[WASHINGTON] US consumer prices were unchanged in October from September, holding the annual inflation rate at a modest 1.7 per cent, the Labour Department reported on Thursday.
The ongoing fall in energy prices, especially gasoline and fuel oil, held the headline number down against gains in the costs of services. Energy costs dropped 1.9 per cent in the month alone.
Food prices meanwhile were up just 0.1 per cent.
When the two volatile components of the consumer price index, food and energy, are stripped out, core prices were up 0.2 per cent in the month, and 1.8 per cent year-on-year.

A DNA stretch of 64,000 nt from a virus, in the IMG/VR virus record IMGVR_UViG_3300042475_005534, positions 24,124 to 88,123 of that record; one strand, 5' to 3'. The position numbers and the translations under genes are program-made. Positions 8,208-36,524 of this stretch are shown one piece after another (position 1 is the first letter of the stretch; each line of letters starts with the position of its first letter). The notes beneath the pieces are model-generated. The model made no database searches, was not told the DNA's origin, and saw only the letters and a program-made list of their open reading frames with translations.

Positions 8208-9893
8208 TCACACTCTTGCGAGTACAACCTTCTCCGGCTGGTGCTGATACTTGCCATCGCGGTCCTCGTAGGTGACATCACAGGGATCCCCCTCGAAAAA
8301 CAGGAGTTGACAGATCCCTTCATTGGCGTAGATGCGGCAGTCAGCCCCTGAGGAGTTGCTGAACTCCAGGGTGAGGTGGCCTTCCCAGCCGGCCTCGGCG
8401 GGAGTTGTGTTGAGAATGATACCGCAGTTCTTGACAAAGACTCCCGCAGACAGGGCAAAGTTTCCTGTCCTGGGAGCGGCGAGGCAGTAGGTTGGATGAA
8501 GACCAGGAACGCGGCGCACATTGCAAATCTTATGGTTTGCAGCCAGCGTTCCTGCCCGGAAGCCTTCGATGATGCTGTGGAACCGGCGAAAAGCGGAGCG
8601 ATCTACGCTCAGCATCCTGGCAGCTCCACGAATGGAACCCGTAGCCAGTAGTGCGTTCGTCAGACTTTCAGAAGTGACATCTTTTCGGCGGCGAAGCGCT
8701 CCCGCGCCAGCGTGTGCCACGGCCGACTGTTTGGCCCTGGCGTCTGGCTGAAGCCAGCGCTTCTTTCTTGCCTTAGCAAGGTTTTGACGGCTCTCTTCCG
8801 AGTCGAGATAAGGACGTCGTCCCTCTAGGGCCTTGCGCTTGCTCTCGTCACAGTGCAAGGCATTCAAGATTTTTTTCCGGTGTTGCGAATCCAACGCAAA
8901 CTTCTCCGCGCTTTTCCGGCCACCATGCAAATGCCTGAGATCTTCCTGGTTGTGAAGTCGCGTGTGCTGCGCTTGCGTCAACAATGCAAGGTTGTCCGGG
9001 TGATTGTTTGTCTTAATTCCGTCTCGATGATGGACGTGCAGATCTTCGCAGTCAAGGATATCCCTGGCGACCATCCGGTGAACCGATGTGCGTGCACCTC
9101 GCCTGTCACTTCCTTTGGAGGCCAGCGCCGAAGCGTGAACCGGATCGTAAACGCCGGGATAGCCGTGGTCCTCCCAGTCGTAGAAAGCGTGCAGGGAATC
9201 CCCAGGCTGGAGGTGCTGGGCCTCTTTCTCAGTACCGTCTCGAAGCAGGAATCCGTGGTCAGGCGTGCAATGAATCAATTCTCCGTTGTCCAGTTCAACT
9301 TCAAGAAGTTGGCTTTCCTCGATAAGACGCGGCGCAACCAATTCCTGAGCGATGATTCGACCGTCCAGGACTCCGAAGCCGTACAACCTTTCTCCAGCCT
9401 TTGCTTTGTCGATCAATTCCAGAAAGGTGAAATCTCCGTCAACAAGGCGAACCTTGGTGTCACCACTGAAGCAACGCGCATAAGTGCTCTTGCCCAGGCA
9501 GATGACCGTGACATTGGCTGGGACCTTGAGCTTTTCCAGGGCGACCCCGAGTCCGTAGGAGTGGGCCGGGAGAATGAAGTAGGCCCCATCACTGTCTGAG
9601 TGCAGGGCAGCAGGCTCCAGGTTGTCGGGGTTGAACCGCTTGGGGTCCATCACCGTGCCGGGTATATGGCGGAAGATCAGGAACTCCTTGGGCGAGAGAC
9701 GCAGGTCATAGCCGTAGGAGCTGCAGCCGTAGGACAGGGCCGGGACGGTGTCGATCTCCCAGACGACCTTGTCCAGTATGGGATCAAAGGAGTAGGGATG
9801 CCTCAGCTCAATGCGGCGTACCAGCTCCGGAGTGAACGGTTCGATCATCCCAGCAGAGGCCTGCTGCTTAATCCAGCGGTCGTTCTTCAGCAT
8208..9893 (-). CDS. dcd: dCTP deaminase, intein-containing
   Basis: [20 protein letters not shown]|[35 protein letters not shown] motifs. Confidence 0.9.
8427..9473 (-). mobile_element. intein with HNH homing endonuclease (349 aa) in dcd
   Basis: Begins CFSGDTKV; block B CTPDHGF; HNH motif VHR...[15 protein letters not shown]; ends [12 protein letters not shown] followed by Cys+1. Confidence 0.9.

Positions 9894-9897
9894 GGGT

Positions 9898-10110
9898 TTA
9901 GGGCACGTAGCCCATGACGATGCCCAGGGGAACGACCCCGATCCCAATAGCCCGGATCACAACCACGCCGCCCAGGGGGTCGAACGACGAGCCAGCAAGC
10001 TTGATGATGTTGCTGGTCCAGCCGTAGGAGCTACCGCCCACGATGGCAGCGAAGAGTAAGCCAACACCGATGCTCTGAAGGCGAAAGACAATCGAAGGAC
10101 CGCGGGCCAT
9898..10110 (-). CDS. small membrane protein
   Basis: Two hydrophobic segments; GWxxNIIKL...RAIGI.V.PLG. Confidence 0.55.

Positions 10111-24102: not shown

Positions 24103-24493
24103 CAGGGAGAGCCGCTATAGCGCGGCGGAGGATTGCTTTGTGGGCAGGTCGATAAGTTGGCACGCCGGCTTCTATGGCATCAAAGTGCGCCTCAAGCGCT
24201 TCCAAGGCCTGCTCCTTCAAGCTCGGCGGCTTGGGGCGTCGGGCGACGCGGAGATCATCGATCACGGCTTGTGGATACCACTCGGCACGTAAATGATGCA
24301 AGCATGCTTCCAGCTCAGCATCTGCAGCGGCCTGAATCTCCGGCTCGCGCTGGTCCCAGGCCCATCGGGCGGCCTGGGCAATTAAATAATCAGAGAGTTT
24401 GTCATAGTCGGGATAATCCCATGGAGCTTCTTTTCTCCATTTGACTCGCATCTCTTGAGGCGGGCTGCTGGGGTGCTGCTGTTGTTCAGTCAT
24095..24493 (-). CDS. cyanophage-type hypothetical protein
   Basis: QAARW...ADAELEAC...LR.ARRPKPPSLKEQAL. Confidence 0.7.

The Federal Reserve has sought to boost inflation up to around 2.0 per cent as a sign of firm economic growth. But the minutes from their end-October policy meeting released Wednesday showed them more concerned about the prospect of weakening inflation, in part due to sagging growth in other parts of the world.